November 07, 2021
It was nice to see something in the Royal Opera House‘s Linbury Theatre. The last time I was here it had been transformed into an entrance for Current, Rising, the “world’s first virtual reality opera” and a real spectacle. Now the Linbury is back to its primary function, staging great dance works which are perhaps more innovative or challenging than the Main Stage crowd-pleasers.
So this is where I came to see Ballet Black perform a double bill of short works. Ballet Black are a company founded by Cassa Pancho, for international dancers of Black and Asian descent. By celebrating diversity in their artists, they hope to encourage more diverse ballet audiences and engagement as well. This is the tail end of a tour, so if you don’t have tickets for the Royal Opera House today, you can catch them in Edinburgh later in November! I have been wanting to see Ballet Black for a while but this has been my first chance since the pandemic. I think this double bill was a perfect introduction as it shows the company’s range. Then or Now takes traditional ballet techniques to create something very fresh and modern; while The Waiting Game, choreographed by a member of the company, is very much more contemporary. Both are excellent.
I was impressed as well by the prowess of the dancers. Senior artist Cira Robinson stands out for the razor-sharp precision of her movements. Watching her dance with fellow Senior Artist José Alves is a dream, they are both at the top of their game. That is not to say that there are any weak links. You would never think that Ebony Thomas and Alexander Fadayiro were respectively a Junior and Apprentice Artist. And Isabela Coracy and Sayaka Ichikawa are wonderfully expressive. Rosanna Lindsey isn’t listed in the programme or on their website, but wherever they found her, they should keep her. And more on multi-talented Mthuthuzeli November later.
Then Or Now / The Waiting Game
Let’s look at these two works in more detail. As I mentioned above, Then or Now takes traditional ballet movements and turns them into modern choreography. The accompaniment is very interesting. The dancers move to Passacaglia for solo violin, a 1676 work by Heinrich Ignaz Franz von Biber, but also to poetry by Adrienne Rich. The von Biber work is arranged and recorded by Daniel Pioro, and Then and Now is choregraphed by Will Tuckett.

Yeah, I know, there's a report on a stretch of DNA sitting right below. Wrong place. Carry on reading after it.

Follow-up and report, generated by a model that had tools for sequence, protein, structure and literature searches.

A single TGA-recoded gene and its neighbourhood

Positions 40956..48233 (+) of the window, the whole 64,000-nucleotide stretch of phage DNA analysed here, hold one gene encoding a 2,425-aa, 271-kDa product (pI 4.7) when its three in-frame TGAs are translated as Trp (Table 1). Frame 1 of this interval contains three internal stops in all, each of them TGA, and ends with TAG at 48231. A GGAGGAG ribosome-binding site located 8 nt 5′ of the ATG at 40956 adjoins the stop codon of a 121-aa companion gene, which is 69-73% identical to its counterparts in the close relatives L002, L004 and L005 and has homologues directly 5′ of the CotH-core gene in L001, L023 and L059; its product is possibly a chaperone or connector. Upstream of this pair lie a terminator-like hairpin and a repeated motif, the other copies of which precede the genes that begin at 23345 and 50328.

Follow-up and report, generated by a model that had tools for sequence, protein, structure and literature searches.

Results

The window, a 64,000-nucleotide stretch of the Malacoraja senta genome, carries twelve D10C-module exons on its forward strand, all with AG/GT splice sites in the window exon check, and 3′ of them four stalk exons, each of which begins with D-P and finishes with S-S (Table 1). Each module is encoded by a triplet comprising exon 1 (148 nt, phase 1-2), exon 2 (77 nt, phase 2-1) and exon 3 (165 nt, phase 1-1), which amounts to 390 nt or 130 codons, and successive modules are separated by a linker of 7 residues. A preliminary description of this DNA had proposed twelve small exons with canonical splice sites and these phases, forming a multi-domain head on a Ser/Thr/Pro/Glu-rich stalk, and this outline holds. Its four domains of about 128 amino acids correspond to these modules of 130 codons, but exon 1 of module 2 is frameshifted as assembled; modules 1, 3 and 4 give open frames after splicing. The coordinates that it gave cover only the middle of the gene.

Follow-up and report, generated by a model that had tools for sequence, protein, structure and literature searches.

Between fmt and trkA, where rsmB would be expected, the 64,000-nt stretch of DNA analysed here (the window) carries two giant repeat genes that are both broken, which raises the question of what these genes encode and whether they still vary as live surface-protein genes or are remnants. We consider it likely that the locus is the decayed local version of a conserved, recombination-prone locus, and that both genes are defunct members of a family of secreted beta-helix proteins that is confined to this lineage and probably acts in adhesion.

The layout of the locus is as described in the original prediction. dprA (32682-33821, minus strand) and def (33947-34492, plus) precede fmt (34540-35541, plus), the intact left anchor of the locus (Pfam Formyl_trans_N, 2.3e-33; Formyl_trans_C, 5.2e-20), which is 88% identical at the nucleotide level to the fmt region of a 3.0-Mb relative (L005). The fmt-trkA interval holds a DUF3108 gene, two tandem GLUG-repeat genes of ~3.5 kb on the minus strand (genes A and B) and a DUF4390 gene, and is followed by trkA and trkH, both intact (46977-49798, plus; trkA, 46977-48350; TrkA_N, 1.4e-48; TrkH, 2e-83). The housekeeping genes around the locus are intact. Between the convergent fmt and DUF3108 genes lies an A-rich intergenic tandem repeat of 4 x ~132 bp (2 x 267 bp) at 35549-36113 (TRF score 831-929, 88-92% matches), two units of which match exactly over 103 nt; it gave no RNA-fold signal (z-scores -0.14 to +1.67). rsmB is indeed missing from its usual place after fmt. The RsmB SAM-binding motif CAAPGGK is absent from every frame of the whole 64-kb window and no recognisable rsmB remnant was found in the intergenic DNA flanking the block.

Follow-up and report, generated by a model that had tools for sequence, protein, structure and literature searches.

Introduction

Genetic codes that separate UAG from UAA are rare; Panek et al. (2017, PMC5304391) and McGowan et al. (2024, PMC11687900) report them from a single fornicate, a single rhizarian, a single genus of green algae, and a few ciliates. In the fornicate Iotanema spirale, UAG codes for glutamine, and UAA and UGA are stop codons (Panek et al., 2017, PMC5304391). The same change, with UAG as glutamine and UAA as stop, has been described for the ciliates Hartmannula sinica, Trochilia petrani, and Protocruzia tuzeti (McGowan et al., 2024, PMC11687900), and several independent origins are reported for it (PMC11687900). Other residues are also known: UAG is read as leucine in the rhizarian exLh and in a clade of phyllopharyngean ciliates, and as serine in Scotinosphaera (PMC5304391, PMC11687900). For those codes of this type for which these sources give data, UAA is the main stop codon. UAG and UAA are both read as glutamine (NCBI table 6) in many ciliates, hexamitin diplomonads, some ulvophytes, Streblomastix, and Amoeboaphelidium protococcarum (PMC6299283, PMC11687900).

Both the music and the poetry introduce a rawness and a fragility. The dancers connect to the language and the sound of the strings. Rich’s poetry is a call to action, with themes of belonging and home. In different configurations, the dancers connect and interact with great intimacy. It’s really special to watch.
The Waiting Game is choreographed by Ballet Black Senior Artist Mthuthuzeli November. He draws on Beckett to create an absurdist/existentialist world. November dances the lead role, as a character battling uncertainty as he tries to understand the meaning of life. What I liked about The Waiting Game was its egalitarianism. There is little distinction between the male and female dancers in terms of costumes, and greater overlap in their movements than in Then or Now. We even at one point see the dancers lined up across the stage, en pointe more or less, the only difference being that the women are properly in pointe shoes. The Waiting Game is also a lot of fun, and shows the range of many of the dancers, particularly Sayaka Ichikawa.
I’m so pleased I finally saw Ballet Black! If you didn’t manage to catch this double bill, you can join me in keeping an eye on future works at the ROH or elsewhere.